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  #2661  
Old Posted Jul 4, 2014, 2:17 PM
westcoastperspective westcoastperspective is offline
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Originally Posted by homestar View Post
Three points to consider with this...

1 - the rail track bed was 30 years old and due for replacement. So even if the Cars On Main project never happened, the tracks would need to be ripped out and replaced at some point soon, and that would have disrupted ridership either way. Plus we all know how dated and deteriorated the sidewalks were on Main, so those would have had to be ripped up too. Bottom line is that the disruption to metro riders and pedestrians would have happened regardless of this project.

2 - the huge spike in renovation announcements along the 400 and 500 blocks (restaurants, apartments, offices) only occurred after the Cars On Main project was finalized and financed for those blocks. It could be a total coincidence... but it definitely appears to be a positive factor in the rebirth of Main.

3 - the reduced ridership on the metro will only be temporary, because around the same time that Metro schedules get back to normal, it will coincide with the opening of Conventus, Children's Hospital, and UB Medical... all right on Main St and right above a subway stop. It is virtually guaranteed that there will be a huge boost to ridership once they open, especially with the limited parking in that area.
What they need to add downtown are more crossovers so that trains can go around problems or work areas - not sure how that gets accomplished with cars soon to be sharing the road but it's a cluster F during this reconstruction. Right now the switches are at Allen and Canalside. That wasn't very smart.
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  #2662  
Old Posted Jul 4, 2014, 2:30 PM
ladsnine ladsnine is offline
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Quote:
Originally Posted by homestar View Post
Three points to consider with this...

1 - the rail track bed was 30 years old and due for replacement. So even if the Cars On Main project never happened, the tracks would need to be ripped out and replaced at some point soon, and that would have disrupted ridership either way. Plus we all know how dated and deteriorated the sidewalks were on Main, so those would have had to be ripped up too. Bottom line is that the disruption to metro riders and pedestrians would have happened regardless of this project.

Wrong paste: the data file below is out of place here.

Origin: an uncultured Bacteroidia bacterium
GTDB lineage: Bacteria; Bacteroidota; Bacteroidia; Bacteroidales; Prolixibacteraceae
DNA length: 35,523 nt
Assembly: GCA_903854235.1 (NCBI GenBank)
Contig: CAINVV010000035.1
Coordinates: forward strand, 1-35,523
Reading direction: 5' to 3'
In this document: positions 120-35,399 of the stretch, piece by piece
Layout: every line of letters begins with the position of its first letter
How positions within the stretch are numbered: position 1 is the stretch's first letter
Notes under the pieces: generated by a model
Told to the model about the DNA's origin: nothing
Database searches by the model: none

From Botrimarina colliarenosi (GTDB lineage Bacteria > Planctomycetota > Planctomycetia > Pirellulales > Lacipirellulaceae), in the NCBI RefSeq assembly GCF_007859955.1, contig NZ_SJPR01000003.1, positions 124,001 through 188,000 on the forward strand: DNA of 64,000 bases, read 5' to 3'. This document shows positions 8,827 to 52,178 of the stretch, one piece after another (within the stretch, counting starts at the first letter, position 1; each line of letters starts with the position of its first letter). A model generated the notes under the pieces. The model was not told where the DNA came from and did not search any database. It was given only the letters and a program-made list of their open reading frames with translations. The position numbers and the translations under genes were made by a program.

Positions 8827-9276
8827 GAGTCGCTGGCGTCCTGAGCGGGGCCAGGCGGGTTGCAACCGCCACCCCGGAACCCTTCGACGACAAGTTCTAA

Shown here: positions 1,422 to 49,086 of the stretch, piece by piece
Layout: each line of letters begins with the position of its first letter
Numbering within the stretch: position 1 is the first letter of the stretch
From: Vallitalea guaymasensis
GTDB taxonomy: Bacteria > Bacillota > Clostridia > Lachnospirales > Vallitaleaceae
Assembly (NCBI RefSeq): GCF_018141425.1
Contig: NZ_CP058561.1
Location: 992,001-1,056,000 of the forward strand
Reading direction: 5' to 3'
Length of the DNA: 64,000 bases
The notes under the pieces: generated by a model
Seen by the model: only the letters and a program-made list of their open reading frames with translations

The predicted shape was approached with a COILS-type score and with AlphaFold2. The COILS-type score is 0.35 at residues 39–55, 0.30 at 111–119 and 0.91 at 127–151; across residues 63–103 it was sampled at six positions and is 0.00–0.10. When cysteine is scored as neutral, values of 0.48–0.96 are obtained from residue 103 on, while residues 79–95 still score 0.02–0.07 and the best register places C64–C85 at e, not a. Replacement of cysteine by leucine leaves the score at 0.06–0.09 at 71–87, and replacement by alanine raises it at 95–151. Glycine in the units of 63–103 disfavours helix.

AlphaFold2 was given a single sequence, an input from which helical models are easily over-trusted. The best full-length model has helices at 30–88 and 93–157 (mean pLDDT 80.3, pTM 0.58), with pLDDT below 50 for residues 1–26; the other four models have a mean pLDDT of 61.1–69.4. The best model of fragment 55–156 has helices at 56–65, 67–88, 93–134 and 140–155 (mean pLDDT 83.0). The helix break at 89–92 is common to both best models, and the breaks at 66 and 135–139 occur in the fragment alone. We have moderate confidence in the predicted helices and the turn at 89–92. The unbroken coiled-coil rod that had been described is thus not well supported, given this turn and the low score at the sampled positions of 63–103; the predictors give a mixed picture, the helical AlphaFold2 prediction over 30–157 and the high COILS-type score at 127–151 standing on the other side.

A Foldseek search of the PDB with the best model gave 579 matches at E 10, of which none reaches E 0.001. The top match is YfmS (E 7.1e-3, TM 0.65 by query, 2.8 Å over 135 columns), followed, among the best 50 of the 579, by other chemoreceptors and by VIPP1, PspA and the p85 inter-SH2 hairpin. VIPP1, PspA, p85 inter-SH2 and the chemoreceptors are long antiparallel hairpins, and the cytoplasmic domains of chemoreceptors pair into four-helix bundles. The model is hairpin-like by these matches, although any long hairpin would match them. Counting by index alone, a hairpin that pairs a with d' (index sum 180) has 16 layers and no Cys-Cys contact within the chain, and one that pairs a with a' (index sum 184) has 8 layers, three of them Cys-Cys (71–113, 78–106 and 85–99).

2 - the huge spike in renovation announcements along the 400 and 500 blocks (restaurants, apartments, offices) only occurred after the Cars On Main project was finalized and financed for those blocks. It could be a total coincidence... but it definitely appears to be a positive factor in the rebirth of Main.

3 - the reduced ridership on the metro will only be temporary, because around the same time that Metro schedules get back to normal, it will coincide with the opening of Conventus, Children's Hospital, and UB Medical... all right on Main St and right above a subway stop. It is virtually guaranteed that there will be a huge boost to ridership once they open, especially with the limited parking in that area.
The thing that people keep missing when they talk about how much ridership has fallen during the Main Street renovation is something that the NFTA said in a Buffalo News article a while back: ridership has fallen but revenue has not. Which basically means that all the people that aren't riding it are the people that used to use it as a way to get from one part of downtown to another for free. The people that pay are commuters and other people riding from the underground sections, and that number of people hasn't changed. All this makes me think that the ridership dip is very temporary.
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  #2663  
Old Posted Jul 8, 2014, 2:32 AM
ladsnine ladsnine is offline